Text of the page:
The distinctly religious feel to “Ready Player One” becomes more evident as the book goes on. The story involves a mission given by the creator of the world, a miraculous resurrection, and at the end Wade is God-like powers; he is “immortal and all powerful” within OASIS. He is even given the ability to destroy the world if he deems it fit. The oddity of the book is that Wade’s journey to find the divine, takes place against the backdrop of nerdom, a fringe subculture which is generally marginalized, and certainly not given the level of seriousness of cultural significance as other subcultures like counter culture movement of the 60’s for instance. The book’s charm rests on marrying its highly traditionally religious themes, with the jaded attitude of geeks and gamers, (My favorite part of the book is when Halliday says to Wade “Pretty sweet, huh?” right after giving him what amounts to omnipotence.) which asks the reader to consider geek culture with more significance than they are typically asked to do.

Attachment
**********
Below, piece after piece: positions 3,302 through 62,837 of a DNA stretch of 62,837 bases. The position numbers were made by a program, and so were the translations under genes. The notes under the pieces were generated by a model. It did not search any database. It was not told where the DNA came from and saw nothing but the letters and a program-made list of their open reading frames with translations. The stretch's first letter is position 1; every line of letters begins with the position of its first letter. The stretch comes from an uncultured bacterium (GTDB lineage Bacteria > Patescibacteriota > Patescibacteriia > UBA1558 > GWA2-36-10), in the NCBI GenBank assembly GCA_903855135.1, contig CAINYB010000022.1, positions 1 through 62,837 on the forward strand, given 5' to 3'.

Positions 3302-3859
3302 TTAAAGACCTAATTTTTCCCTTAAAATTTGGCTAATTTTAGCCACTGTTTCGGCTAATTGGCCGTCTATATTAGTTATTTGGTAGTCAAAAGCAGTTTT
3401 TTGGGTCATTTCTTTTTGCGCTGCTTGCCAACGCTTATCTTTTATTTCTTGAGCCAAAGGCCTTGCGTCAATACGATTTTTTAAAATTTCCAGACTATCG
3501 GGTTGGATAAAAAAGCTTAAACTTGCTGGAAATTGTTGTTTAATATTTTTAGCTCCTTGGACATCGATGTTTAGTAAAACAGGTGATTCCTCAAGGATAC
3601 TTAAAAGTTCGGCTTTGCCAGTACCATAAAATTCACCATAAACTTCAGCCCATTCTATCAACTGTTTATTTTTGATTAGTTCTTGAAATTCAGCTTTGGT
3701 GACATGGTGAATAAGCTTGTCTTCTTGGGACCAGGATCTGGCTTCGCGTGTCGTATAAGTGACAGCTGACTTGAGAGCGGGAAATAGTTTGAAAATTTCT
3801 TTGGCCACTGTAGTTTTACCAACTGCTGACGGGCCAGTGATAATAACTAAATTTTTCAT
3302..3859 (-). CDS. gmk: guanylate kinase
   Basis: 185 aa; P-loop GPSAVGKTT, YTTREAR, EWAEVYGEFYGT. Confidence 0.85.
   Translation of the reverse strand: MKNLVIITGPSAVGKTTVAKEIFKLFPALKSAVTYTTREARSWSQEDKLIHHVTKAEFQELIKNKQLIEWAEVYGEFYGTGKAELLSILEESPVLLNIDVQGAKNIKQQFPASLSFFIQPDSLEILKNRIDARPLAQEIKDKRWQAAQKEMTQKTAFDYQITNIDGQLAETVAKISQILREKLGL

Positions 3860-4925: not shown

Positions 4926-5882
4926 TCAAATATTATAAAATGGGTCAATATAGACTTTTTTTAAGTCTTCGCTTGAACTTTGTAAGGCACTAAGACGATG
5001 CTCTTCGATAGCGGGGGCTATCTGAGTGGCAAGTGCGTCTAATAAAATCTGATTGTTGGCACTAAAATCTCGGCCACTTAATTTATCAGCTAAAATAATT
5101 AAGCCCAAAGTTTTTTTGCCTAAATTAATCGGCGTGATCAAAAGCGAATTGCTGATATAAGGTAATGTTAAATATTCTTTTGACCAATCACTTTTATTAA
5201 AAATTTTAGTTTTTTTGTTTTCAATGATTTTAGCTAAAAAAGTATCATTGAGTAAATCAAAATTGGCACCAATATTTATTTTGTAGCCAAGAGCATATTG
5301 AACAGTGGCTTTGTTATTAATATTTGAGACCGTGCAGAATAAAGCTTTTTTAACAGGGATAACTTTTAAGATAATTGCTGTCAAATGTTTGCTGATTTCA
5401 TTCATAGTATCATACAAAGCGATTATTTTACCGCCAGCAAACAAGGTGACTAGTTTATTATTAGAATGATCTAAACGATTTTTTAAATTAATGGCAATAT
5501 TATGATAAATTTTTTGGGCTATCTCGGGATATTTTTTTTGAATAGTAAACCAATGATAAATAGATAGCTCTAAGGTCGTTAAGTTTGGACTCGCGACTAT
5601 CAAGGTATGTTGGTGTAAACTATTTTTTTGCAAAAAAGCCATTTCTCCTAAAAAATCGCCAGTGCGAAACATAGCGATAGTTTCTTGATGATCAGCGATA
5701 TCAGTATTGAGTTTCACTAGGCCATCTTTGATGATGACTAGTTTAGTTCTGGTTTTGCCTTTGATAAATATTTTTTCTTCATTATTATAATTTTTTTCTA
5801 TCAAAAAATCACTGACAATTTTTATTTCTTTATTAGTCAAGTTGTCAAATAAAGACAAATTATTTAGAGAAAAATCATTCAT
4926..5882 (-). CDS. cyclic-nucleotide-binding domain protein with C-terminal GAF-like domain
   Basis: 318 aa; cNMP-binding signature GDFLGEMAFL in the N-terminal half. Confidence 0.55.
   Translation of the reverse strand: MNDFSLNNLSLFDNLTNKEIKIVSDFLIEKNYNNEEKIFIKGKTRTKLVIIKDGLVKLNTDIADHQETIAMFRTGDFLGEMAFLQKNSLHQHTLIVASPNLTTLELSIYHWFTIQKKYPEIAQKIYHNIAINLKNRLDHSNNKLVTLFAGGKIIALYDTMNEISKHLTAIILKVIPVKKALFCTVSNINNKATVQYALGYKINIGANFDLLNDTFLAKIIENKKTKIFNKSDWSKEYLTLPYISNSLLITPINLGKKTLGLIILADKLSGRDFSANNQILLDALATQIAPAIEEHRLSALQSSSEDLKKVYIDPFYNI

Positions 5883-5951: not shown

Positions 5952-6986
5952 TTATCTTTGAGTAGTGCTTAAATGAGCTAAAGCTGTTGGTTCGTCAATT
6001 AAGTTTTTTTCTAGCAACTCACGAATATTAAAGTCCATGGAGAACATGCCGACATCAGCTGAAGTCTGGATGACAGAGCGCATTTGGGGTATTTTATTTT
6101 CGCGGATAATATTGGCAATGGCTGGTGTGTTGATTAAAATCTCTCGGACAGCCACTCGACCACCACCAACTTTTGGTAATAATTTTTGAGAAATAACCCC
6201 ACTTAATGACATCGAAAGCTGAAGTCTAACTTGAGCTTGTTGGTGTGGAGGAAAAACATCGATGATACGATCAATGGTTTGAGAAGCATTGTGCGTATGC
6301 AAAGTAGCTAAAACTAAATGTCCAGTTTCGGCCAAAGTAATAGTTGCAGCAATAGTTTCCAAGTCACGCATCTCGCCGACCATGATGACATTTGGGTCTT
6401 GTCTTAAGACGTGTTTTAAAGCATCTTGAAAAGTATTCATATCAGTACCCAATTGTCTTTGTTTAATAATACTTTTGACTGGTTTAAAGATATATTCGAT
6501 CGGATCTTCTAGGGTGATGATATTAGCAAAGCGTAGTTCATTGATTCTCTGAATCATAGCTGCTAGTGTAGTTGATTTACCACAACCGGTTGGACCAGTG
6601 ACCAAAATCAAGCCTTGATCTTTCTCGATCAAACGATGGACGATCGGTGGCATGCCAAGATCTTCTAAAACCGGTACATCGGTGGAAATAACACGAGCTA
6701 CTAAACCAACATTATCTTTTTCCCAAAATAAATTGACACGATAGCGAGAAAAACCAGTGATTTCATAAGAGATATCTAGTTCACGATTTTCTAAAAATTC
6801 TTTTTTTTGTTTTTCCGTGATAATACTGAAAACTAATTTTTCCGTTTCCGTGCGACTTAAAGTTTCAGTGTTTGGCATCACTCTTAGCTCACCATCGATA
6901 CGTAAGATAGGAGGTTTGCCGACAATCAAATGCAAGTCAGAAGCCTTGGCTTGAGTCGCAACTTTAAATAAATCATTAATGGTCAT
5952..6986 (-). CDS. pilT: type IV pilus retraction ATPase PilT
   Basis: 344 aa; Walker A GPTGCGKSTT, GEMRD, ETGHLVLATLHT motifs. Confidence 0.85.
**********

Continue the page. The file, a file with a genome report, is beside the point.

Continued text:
The problem is, I’m not sure if geek culture, and the gaming community in particular is ready to be taken this seriously. In my research I’ve discovered a culture which is so hyper aware of its marginalized place in society that they become dismissive of any attempt at legitimate analysis. For instance, I’ve now read a few different articles which mention how ludonarrative dissonance, the phenomenon of a game’s actions not matching its narrative themes, is a pretentious term (see the article below). But in truth the name arises naturally out of the meaning of the concept. It’s a big phrase, but there’s nothing unnecessarily complex about it, so it seems strange that the words letter count has garnered almost as much attention as its meaning. This is just one small instance of a feature of gaming culture I’ve noticed over the duration of this course: A distaste of analysis. It seems the general attitude of the gaming community is ‘it’s just a game, and if you’re thinking too hard about it, then you’re doing something wrong.’ But the community won’t be taken seriously until it is willing to subject itself to the analytical scrutiny that other technologies and narrative are continuously undergo. Though it might be the case that such intellectual scrutiny would take a good deal of the fun from gaming.